I feel that,
more so than any other artist,
she has written from her heart.
And it sounds a lot like
all things felt and thought,
sung back to me, deeply; richly
The way a thousand different
inspirational tidbits show up,
all at once in her lyrics,
isn't odd at all.
Cryptic and symbolic,
a soulful stage presence,
she has great range and pitch,
Everything is authentic
everything is thumping bass
and nothing hurts
the way I do?
No perhaps not.
You search for traces
not in open spaces
but in habits and holes
My wide open net
cast out onto the world
seeks not but finds
Some anonymous words;
more poems with no rhyme,
and dead pictures like a stitch in time
Watching that clip,
seeing a soft-spoken Gordon Ramsey
and Christine being hard on herself,
I didn't know it at first
but I realise now, why I felt the way I did.
When he described her apple pie to her;
when he broke it down with description,
encouragement and praise,
it was overwhelmingly touching.
Not because of her disability.
Not because she did as well as her peers.
Not because she overcame it with skill and talent.
But because she resembles all of us.
The self-doubts, the high expectations,
the self-admonishing, distrust in our abilities.
She has considerable excuse
for not believing in herself.
But we of sight
often choose to blind ourselves.
We rely on others to validate us
with compliments and reassurances
while wondering why someone else
can't see the beauty we see in them
Acceptance and love for ourselves,
as this scenario has proven,
is apparently not a matter of sight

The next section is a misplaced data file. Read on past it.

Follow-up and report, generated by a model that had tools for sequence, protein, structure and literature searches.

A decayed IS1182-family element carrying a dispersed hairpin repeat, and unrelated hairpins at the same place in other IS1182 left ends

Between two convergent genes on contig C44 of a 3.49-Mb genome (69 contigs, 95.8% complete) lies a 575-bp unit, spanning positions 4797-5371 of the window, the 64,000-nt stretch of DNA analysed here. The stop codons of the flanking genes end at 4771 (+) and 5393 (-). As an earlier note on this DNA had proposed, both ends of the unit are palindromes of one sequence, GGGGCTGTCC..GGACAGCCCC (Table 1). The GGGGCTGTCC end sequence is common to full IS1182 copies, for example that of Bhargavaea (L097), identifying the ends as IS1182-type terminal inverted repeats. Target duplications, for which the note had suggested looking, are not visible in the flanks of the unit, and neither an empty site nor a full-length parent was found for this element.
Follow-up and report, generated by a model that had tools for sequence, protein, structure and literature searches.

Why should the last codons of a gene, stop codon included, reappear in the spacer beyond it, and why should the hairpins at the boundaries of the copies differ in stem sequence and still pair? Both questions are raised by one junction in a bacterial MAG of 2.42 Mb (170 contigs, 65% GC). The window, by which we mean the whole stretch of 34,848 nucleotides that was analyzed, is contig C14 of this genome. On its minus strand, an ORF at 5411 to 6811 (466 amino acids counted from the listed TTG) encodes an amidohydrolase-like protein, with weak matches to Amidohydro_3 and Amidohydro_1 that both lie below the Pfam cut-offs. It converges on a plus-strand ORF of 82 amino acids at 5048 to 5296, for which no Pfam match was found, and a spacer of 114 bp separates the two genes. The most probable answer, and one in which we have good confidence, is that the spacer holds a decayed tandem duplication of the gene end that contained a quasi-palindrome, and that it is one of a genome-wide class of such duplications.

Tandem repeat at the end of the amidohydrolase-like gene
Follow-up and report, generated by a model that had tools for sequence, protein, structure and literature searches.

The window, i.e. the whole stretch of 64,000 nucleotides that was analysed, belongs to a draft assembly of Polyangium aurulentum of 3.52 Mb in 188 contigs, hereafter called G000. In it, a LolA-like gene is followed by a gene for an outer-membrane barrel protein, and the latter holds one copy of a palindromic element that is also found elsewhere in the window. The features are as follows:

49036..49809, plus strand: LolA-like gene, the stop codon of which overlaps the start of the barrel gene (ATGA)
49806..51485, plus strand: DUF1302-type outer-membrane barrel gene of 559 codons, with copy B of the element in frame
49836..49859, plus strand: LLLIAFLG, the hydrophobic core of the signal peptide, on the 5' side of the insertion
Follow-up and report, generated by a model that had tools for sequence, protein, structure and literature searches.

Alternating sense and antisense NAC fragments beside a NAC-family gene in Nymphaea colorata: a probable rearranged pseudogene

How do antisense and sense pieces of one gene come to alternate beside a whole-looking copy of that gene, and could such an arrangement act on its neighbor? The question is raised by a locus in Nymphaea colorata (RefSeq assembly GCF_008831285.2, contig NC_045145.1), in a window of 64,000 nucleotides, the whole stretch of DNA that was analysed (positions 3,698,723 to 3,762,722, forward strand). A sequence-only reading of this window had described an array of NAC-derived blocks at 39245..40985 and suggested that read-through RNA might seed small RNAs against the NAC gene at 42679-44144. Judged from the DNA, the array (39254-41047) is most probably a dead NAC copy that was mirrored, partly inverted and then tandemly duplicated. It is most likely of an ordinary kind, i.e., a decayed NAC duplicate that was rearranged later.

but a matter of belief
but I'm deathly afraid I will lose him.
You dont feel the fall
Hope when the water rises
You built a wall
Hope that you fall in love
The only way you can know
You gave it all you had
And I hope that you don't suffer
But take the pain
Hope that you spend your days
And they all add up
Hope if everybody runs
You choose to stay
the moon gives no reply
Her face, half-hidden from mine,
reflects and does not provide
With a constant change,
glimpses are never quite the same
And yet, here I am,
seeking her out once again
She might not speak,
she might not explain
But without fail, I know,
there she will remain.
We see the contradictions of the social world in which Nate lives—a world in which women are outspoken and independent, and yet, confusingly, seem to wilt at the slightest sign of disinterest from a man; a world where men can delay commitment infinitely if they prefer, while women begin to feel constrained by time. Or, as Nate puts it, surveying with chagrin the gradual change in the women of his acquaintance, now that they’re in their thirties:
When he was twenty-five, everywhere he turned he saw a woman who already had, or else didn’t want, a boyfriend. Some were taking breaks from men to give women or celibacy a try. Others were busy applying to grad school, or planning yearlong trips to Indian ashrams, or touring the country with their all-girl rock bands.… But in his thirties everything was different. The world seemed populated, to an alarming degree, by women whose careers, whether soaring or sputtering along, no longer preoccupied them. No matter what they claimed, they seemed, in practice, to care about little except relationships.
The pleasures of this novel—its lucidity and wry humor—are mixed with the sting of recognizing the essential unfairness of the sexual mores of our moment: after years of liberated fun, many women begin to feel terribly lonely when realize they want a commitment; men, who seem to have all the power to choose, are also stuck with an unasked-for power to inflict hurt.
read the review or the book (Adelle Waldman’s “The Love Affairs of Nathaniel P.”)